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Notes on Motorized Carts

ROXANE GAY

When I see an able-bodied person driving a motorized cart through Wal-mart, I judge them.

When I see people driving motorized carts in stores, I race them even though they don’t know it.

I always win.

When I walk into a Wal-mart and see the row of motorized carts I pause and give serious thought to taking a cart for a spin.

I worry about how to retrieve items located on high shelves whilst seated in a motorized cart.

A product, the E-Z Grabber™, has been expressly designed to retrieve items from high shelves. It has a handle with a trigger on one end and a rubber-tipped clamp on the other. When you pull the trigger, the clamp closes.

I worry about the cleanliness of the motorized carts in Wal-mart because some of the people I’ve seen on those carts have questionable hygiene.

When I see infomercials for motorized carts, I secretly want to buy one.

I know the theme song for the Hoveround™ by heart. Sometimes, I catch myself humming the tune and I judge myself.

Hoveround™ president Tom Kruse (whose name amuses me in and of itself) says, on his website, that he stands behind every one of his power wheelchairs.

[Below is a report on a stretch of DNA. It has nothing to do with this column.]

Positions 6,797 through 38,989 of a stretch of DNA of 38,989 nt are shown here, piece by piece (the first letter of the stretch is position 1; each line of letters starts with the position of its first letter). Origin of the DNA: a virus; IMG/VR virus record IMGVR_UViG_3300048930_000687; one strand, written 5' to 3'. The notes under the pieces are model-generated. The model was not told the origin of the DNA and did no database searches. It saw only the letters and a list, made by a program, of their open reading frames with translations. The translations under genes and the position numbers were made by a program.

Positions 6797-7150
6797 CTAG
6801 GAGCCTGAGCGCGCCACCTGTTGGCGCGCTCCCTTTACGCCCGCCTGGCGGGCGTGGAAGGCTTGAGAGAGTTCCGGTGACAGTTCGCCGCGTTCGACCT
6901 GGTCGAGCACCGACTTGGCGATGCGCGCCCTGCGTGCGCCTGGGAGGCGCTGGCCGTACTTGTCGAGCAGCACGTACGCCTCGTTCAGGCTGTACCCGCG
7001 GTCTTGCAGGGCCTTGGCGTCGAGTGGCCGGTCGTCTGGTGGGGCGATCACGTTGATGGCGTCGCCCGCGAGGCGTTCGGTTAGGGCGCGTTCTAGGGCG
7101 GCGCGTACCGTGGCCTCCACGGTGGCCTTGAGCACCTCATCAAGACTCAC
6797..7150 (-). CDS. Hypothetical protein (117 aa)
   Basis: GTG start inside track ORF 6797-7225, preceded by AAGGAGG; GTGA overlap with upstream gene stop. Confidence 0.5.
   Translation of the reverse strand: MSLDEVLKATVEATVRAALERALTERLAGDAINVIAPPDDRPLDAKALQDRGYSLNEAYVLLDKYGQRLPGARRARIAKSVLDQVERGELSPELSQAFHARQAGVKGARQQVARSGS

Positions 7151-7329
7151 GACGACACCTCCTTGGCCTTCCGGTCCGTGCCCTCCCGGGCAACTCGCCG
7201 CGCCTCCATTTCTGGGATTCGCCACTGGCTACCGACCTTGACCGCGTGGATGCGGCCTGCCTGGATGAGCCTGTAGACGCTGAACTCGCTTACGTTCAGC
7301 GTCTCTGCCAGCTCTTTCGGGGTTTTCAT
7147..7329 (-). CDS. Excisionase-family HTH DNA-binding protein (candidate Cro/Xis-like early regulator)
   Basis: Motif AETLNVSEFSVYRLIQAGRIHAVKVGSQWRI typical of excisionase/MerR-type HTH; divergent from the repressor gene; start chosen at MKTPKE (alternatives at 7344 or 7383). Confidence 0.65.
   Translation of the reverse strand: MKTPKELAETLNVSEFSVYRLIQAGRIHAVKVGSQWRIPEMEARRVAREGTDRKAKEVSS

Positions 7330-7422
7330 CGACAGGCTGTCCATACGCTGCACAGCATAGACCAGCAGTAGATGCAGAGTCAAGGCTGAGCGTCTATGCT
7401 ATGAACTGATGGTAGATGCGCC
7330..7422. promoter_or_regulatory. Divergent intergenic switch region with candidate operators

When I daydream about life with a motorized cart, I imagine tricking mine out with streamers for the handles like the ones I had on my Schwinn with a banana seat that I rode as a child.

My baby brother once got his ankle caught between the spokes of that Schwinn. The bike was blue. My brother was three. When it happened, he didn’t cry. I did, because his foot jammed in the spoke caused me to fly over the handlebars, true story. My mom came running out, saw all the blood and torn skin, and she started crying too. He still has the scar. My hands were scraped but healed quickly.

There is a website called ChristianMobility.com that sells motorized carts.

The Internet domains IslamicMobility and JudaicMobility are still available.

If I had a multi-level home, I would install one of those motorized carts that go up and down stairs so that I could get laundry from one floor to the next without having to carry it.

I don’t have a multi-level home. I live in an apartment that doesn’t have a washer/dryer hook up. As such, I have to take my laundry to the Laundromat, which is three blocks away. If I had a motorized cart, I could place my laundry, detergent, fabric softener and other supplies in the convenient basket located at the front of the cart.

I don’t like to do laundry often so I would probably need to install a second basket at the rear of the cart.

There is no room in my apartment to store a motorized cart. I would have to keep it in my landlady’s garage and hope she doesn’t hit it with her car.

My landlady is old and going blind.

My landlady drives motorized carts when she’s in Wal-mart.




Roxane Gay's work appears or is forthcoming in Storyglossia, mud luscious, Wigleaf, Necessary Fiction, elimae, The Foundling Review, DOGZPLOT, and others. She is the associate editor of PANK. You can visit her online at www.roxanegay.com where she keeps a boring blog.